(Ng, Peter K. L., Forges, Bertrand Richer De & Jones, Georgina 2013)
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- Macropodia falcifera Ng, Peter K. L., 2013, Zootaxa 3626: 391-392.
Stenorhynchus falcifer Stimpson, 1858: 219.—Miers 1886: 6, pl. 1 fig. 1.—Doflein 1904: 70, fig. 6.—Stimpson 1907: 22, pl. 3 fig. 8.—Lenz & Strunck 1914: 273. Macropodia falcifera —Stebbing 1910: 284. — Balss 1913: 109.—Odhner 1923: 26. —Barnard 1950: 14, fig. 2 b–f.—Kensley & Buxton 1984: 191.—Griffin & Tranter 1986: 33 (key).
Material examined. South Africa, False Bay, 24 m, living on a Leptogorgia palma (Pallas, 1766) (Anthozoa: Gorgonacea: Gorgonidae), coll. G. Jones, 14 August 2010: 1 male (18.65 × 11.10 mm) (carapace bearing bryozoa and serpulids), 1 ovigerous female (17.33 × 9.87 mm) (ZRC).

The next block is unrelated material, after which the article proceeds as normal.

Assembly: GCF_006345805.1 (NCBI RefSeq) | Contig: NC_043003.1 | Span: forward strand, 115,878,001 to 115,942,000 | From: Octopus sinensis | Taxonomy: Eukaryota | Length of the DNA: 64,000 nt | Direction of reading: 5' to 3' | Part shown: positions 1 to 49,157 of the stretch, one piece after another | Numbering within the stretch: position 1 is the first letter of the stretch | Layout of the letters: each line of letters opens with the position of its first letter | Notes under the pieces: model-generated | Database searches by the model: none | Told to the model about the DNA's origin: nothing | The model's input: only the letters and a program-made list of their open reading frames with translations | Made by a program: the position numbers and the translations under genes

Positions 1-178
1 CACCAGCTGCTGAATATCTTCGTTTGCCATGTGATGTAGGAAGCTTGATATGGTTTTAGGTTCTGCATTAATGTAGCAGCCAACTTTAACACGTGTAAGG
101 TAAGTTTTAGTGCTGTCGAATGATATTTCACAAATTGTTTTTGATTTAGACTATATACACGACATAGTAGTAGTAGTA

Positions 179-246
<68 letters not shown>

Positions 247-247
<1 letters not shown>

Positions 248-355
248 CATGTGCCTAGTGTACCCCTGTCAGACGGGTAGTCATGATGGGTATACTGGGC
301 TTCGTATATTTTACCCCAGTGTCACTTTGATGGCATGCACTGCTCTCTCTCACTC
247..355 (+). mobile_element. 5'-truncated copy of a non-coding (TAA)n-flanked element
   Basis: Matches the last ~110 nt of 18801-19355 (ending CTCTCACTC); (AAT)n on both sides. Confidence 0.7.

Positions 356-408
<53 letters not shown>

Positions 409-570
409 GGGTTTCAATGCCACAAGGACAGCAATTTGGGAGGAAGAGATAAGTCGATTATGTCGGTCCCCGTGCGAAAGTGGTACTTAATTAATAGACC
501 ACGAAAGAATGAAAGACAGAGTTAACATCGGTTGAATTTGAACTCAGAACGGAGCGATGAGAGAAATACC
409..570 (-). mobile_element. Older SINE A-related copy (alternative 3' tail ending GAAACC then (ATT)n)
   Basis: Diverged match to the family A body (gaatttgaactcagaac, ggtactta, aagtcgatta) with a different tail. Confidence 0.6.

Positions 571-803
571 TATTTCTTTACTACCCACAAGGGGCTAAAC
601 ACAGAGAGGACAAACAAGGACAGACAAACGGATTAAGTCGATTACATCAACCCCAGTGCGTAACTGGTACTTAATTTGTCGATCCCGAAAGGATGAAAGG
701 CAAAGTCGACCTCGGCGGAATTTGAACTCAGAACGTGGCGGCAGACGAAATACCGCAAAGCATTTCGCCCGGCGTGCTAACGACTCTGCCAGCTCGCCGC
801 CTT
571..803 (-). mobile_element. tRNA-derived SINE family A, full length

Diagnosis. Relatively large size (ca. 16 mm carapace length). Carapace pyriform with long rostrum (Figs. 2, 3 A). Rostrum composed of 2 appressed smooth sharp spines (Figs. 2 A, 3 A). Dorsal surface of carapace evenly granular; regions distinct; raised gastric, cardiac regions each with strong long sharp, gently anteriorly curved spine; branchial region slightly inflated; hepatic region forming conical expansion with granule-like spine (Fig. 2 A). Ocular peduncle long with ovoid cornea, appearing more tapering from dorsal view (Fig. 2 B, C). Epistome very long (Figs. 2 B, 3 A). Antennular fossa large, slightly splayed; basal antennal article fused to carapace, side of fossa; interantennular septum with short sharp spine (Figs. 2 B, 3 A). Basal antennal article with single distal tooth (Figs. 2 B, C, 3 A). Basal antennular article with 3 or 4 low spines; antennules folding slightly obliquely outwards (Figs. 2 B, C, 3 A). Third maxilliped pediform; inner margin of ischium serrated, outer surface with 7 spines; merus ovate with 3 long inner lateral spines and 5 short median spines; carpus, propodus, dactylus elongated, longer than merus; exopod slender (Fig. 3 C). Anterior thoracic sternum longitudinally elongated; sternites 1–5 fused, with only lateral clefts between sternites 3, 4 visible; surface of sternite 4 depressed; proximal part of sternite 4 with small cluster of small sharp tubercles (Figs. 2 B, 3 B); sternite 5, 6 with 2 or 3 sharp tubercles on each side; surfaces of sternites 5–7 finely granular. Press-button male abdominal locking mechanism prominent, peg-like, on median part of thoracic sternite 5. Male abdomen with 5 free somites, with somite 6, telson completely fused; somites 3–6 each with median tubercle (Figs. 2 B, 3 E); somite 1 longitudinally broad, somite 2 narrow. Male chelipeds elongated, inflated: propodus rounded, smooth; single spine on upper margin of carpus; strong distal spine on dorsal margin of merus (Fig. 2 B). Ambulatory legs relatively very long, thin; first leg longest; meri with strong distal spine on distal margin; dactylus styliform on first, second legs, ventral margin setose but not armed; dactylus falcate on third, fourth legs, ventral margin lined with 8 or 9 strong curved spines on distal half and 6–8 sharp tubercles on proximal half (Figs. 2 B, 3 D). G 1 relatively stout, gently sinuous, distal part bent outwards (Fig. 3 F–H). Female. The carapace is proportionately slightly broader and more rounded compared to the male and agrees very well with the type female figured by Stimpson (1907: pl. 3, fig. 8). It has a large dome-shaped abdomen with somite 6 and the telson completely fused. The median portion of each somite has a raised tubercle. The ovigerous female abdomen is dome-shaped.